What has caused the rapid increase of violence over the years?


Violence has increased exponentially in schools over the years. (photo courtesy of EdWeek)

In recent years, there has been an excessive level of violence, which is well-known in schools no matter if it’s an elementary, middle, or high school. There has been more evidence of firearms, physical, and psychological violence against kids, teachers, and staff. 

There has been a rise in gun violence in schools, as evidenced by studies conducted at numerous schools. Additionally, both Suitland High School and Duval High School recently learned that a student brought a firearm to school. 

In February, at Michigan State University, another school shooting left three individuals dead and five more injured. That same month, Parkdale High school experienced a threat that caused the school to shut down for approximately 30 minutes beyond the final dismissal bell. 

Several people think that the COVID-19 quarantine is to blame. Children who have not been in school for nearly two years are unable to distinguish between school and the outside world. Some think it’s difficult for people to shake that mindset. So what do they think the root of it is?

Some would argue that parents have played a part in children’s actions, while others disagree whether that is true or not. 

According to the article, “What Do the Data Reveal About Violence in Schools?” by Nadine Frederique “Bullying can be verbal (being threatened, called names, or insulted) and physical (being pushed, shoved, tripped, or spit on).” said Nadine Frederique. “Bullying may occur in various ways, including in person and virtually through social media. We know that some school shooters felt bullied, victimized, persecuted, or injured by others prior to their attacks.” 

This data allows for people to discover the shooter’s motives. Which shows why people have ulterior motives to cause any physical and psychological harm to others. But what about the psychological destruction these motives cause to victims?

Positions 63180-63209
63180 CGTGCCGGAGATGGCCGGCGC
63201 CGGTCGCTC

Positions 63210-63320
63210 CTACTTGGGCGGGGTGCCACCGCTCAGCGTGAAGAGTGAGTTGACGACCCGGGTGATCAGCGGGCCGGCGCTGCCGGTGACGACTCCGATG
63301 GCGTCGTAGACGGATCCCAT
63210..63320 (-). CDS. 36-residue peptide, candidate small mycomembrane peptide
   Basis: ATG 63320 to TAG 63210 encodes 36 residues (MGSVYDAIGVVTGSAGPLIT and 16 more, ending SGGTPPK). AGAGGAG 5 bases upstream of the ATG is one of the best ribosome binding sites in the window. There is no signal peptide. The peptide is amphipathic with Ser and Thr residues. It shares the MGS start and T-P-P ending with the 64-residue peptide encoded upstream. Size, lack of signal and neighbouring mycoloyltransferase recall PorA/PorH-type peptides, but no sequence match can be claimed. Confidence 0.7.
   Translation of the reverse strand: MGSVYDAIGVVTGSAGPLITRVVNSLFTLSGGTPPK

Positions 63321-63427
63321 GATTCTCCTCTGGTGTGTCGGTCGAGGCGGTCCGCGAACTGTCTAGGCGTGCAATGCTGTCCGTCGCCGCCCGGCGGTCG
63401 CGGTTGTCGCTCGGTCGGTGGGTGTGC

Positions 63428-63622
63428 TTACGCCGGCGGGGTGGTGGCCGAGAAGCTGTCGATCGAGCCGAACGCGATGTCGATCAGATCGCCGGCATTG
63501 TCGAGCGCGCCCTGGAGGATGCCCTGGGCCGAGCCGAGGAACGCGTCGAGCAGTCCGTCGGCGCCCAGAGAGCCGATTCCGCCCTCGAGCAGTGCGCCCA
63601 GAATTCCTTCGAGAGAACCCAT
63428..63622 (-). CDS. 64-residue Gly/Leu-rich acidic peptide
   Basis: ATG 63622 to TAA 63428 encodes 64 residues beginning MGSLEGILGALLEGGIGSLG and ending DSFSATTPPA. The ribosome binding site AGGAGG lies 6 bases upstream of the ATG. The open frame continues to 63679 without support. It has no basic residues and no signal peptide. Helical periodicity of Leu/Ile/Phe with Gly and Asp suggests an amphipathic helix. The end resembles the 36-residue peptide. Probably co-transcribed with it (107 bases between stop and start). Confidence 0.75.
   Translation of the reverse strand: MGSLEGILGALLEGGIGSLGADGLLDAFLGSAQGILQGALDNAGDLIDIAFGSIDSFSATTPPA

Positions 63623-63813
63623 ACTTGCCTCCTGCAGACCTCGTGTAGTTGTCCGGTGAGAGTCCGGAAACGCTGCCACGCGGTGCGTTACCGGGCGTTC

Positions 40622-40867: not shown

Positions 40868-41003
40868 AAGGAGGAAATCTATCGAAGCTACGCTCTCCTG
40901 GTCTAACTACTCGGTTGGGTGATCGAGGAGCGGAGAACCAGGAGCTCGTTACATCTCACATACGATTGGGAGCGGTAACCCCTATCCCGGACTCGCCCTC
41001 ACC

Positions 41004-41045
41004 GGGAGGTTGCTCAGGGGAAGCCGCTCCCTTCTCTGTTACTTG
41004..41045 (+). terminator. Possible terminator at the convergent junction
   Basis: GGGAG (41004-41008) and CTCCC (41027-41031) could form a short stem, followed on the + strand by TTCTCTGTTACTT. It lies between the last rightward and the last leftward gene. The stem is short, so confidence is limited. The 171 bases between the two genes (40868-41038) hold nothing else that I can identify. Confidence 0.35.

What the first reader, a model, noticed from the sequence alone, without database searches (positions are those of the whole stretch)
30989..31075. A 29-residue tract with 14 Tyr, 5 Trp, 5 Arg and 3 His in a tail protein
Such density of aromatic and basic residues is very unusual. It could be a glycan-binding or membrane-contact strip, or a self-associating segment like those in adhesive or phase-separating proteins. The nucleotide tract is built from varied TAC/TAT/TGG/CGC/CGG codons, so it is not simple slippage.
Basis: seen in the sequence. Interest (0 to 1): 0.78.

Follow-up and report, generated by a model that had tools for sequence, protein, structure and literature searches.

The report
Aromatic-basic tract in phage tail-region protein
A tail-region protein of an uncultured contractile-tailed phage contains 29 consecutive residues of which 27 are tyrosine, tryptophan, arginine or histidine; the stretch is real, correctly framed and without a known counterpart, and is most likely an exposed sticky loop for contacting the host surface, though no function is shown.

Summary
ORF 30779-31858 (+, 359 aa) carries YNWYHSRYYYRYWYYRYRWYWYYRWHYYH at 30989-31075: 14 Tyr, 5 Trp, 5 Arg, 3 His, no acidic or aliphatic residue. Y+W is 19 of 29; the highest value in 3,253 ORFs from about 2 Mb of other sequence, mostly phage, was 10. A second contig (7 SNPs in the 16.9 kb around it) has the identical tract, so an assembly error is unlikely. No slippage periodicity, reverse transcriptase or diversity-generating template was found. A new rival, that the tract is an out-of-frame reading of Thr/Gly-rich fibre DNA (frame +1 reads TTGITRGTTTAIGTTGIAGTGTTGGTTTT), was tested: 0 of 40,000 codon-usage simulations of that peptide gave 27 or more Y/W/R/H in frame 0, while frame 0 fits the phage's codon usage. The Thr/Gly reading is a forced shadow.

“I think most of the part is from COVID a lot of people were isolated not because people wanted to be but because people were forced to be,” said Officer Washington, Parkdale’s School Resource Officer. “I think that may contribute to some of the mental things that may be going on.”

According to the article, “Physical, psychological and social impact of school violence on children” studies show that “physical violence perpetrated at school but it can have a physical impact, causing psychological distress, permanent physical disability and long-term physical or mental ill-health.” It’s often said, “Children who experienced any type of violence at school may develop reactive attachment disorder, modest physical inactivity, overweight or obesity, diabetes, smoking habits, heavy alcohol use, poor self-rated health, cancer, heart disease, and respiratory disease and other negative outcomes.” 

Many kids and parents are wondering if there are any ways they could protect themselves from these long-term effects. 

“Part of the issue is parent involvement. I believe that a lot of parents are working. Not all parents but some parents have no idea what their children are involved in,” Officer Washington stated. “They might need to check in on them and ensure they are doing what they are supposed to do. Law enforcement can only do so much the way that the juvenile justice system is set up in Maryland; it is set up for the parents to parent.” 

Although it is important for students to have a secure home environment, some feel it is also up to the school building and its leaders to do what needs to be done while students are here.

“I do think it’s possible for security and admin to come up with concrete methods and products to keep us students safe from any more issues with guns,” said junior Deborah Rosario. “I think it’s just all up to them and the approach they take on the situation which in past events has been proven to not be effective.  I still do think they can come up with something to keep us safe if they put the time and effort and not just come up with a solution to say “problem solved” if not to actually solve the problem.” 

Unfortunately, violence in schools is a typical occurrence in the U.S.  So common in fact, many students are descentized from these types of situations. 

“I feel like the fact we have normalized gun violence and school shootings in America is truly disgusting,” said Rosario. “Things like this don’t occur as much in my country which is considered a third world country that can be labeled as ‘unsafe’ as they do in America which is considered ‘safe’.” 

How can we as a country let hundreds of literal children and their teachers get their lives taken away by someone with a gun, and normalize it?  The fact we make jokes about school shootings is not okay because anywhere else a school shooting is a rare occurrence but in this country we see things of the sort on the news often.`